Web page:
The former Kilmarnock midfielder was appointed as a player-coach at Palmerston Park this summer, but he stepped up to become temporary head honcho when manager Jim McIntyre left for Ross County earlier this month.
With coach Billy Dodds and sports scientist Ross Hughes also leaving to join McIntyre in Dingwall, Fowler, who is still playing, has had to juggle a number of roles while keeping the Dumfries side in the upper echelons of the Championship.
A draw at Falkirk in the aftermath of the change was followed by a 1-0 win over Hibs, but Fowler got his first taste of managerial disappointment on Saturday when his side went down to Cowdenbeath.
Chairman Billy Hewitson had advised on Friday that no announcement would be made until this week, and Fowler, who will be back multi-tasking today, said: “Management is a natural progression for me. You play, and then you play and get involved in coaching.
“For two years I worked with Allan Robertson and the Development Squad at Kilmarnock. I would take sessions on my days off and on my holidays to gain experience. I was comfortable in that environment, but I wanted to step up to working with a first team and that is why I came to Queens.” Fowler’s progression from player to player-coach and potentially player-manager was symbolically marked, as he explained: “The move was a change in responsibilities but for the first couple of weeks of pre-season I was in the dressing room with the players.
“It was great as I was getting to know them, however I took a step away and started going into the managers’ changing rooms. That was a big change as it was recognising that I had a different job to do. I have changed again as I have been on my own during the past few weeks but I have enjoyed it.”
Despite creating distance, Fowler has no intention of being autocratic. He said: “You cannot stand still with players. They have changed over the years and coaches have had to change in how they manage them. When I first came in you would get a right good old telling off and I did from my first boss Bobby Williamson and then Jim Jefferies and Billy Brown. I was okay with that and played under them for a long time but footballers respond differently now.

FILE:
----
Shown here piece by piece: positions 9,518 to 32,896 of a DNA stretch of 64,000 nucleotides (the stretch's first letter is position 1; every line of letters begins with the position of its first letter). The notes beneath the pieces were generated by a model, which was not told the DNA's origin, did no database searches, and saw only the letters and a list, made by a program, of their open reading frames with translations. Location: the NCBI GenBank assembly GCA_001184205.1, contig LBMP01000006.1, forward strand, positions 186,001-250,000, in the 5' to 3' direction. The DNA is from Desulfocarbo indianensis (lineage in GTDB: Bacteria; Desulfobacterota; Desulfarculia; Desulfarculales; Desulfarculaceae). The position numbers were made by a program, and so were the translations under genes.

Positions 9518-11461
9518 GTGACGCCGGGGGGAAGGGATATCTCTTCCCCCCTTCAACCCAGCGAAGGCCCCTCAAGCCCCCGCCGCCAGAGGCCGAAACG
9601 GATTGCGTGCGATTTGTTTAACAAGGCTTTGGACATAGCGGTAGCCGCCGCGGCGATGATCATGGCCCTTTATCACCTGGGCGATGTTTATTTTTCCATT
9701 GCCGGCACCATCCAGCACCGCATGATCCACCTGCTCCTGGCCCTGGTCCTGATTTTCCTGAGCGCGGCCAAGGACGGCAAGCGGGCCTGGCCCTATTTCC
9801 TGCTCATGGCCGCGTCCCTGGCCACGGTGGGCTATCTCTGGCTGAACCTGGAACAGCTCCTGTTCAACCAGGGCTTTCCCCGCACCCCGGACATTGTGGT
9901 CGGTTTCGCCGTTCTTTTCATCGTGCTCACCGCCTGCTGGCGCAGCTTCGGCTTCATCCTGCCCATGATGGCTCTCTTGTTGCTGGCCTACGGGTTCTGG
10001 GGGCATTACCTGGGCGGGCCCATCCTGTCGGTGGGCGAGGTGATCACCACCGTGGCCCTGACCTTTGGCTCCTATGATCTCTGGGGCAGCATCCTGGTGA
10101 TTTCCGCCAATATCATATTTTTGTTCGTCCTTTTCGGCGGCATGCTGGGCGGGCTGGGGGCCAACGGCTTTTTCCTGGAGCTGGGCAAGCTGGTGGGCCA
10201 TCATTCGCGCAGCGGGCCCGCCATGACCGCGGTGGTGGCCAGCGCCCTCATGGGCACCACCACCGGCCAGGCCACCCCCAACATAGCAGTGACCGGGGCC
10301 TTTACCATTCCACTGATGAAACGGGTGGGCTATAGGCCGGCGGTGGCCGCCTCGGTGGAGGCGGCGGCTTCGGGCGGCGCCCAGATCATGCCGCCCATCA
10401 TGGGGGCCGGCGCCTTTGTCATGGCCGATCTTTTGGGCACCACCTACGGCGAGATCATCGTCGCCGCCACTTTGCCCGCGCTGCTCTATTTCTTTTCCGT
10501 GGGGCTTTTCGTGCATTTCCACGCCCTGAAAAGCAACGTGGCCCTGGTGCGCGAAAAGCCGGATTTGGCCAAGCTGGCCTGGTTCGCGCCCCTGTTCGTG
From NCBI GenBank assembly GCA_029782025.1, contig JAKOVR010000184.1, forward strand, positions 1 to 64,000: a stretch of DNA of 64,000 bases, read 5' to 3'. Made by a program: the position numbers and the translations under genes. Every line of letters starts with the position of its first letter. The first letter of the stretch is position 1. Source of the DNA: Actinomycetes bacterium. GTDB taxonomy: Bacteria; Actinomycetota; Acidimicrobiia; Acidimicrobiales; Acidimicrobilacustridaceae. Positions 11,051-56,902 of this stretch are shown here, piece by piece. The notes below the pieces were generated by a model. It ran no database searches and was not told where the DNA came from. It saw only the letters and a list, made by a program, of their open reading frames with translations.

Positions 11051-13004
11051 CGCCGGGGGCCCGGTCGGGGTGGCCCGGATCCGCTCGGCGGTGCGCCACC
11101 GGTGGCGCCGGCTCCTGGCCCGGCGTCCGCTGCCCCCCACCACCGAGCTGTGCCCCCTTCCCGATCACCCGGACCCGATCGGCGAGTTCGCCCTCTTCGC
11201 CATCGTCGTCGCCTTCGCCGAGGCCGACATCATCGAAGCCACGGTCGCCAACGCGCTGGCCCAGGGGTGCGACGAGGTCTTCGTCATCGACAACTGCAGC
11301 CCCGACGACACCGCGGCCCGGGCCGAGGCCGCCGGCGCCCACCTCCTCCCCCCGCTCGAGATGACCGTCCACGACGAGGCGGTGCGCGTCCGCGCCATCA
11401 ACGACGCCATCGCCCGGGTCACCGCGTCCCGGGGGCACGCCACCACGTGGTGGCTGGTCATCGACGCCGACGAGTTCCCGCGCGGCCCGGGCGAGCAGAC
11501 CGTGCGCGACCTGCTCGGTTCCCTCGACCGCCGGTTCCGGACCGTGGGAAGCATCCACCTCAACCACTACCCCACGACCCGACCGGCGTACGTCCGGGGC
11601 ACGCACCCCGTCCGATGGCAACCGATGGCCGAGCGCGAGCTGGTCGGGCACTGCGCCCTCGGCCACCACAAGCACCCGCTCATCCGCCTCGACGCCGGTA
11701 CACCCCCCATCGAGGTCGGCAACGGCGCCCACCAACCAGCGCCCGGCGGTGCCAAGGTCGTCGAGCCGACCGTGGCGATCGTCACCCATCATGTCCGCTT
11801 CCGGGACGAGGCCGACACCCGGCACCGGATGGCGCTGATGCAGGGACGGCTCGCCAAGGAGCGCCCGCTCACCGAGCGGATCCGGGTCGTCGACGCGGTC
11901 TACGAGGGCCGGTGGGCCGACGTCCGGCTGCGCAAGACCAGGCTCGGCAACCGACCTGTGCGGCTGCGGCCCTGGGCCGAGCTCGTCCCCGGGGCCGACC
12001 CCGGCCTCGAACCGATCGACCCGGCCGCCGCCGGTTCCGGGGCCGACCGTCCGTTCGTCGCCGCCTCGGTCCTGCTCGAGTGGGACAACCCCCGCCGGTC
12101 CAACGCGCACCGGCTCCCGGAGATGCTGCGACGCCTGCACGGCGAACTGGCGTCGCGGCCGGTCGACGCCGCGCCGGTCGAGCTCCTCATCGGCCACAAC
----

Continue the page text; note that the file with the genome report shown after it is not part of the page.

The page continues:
“A lot of the boys need cuddles and supported that way. It is all about assessing individuals and getting the best out of them. Some still need a blast but you need other methods.”
Fowler also learnt from former Rugby Park managers Mixu Paatelainen and Kenny Shiels. “Mixu improved me as a player, as he helped me understand the game better at an age where I did not think I could improve,” said Fowler. “His training methods opened my eyes and as I was just starting my qualifications it was great to see him work.
“Kenny was really keen on the training field. He was a coach and a hands-on manager. Jim McIntyre was as well and I see myself as having a similar approach to them.”
Asked if he would continue playing in the event that he lands the Queens job permanently this week, Fowler said: “Initially, I thought I was going to stop, but I spoke to a few people and they all advised me to keep going.
“If I am given the role I would bring someone in to take some of the workload off me and that would make things easier in terms of getting on the pitch.”
Despite Saturday’s defeat at Central Park, Fowler has been encouraged by the way the players have responded to his management. He said: “The boys have been excellent with me. There is a good mix of youth and experience and we believe that we can be a top four side and make the play-offs. I would love to be the man to take them there.”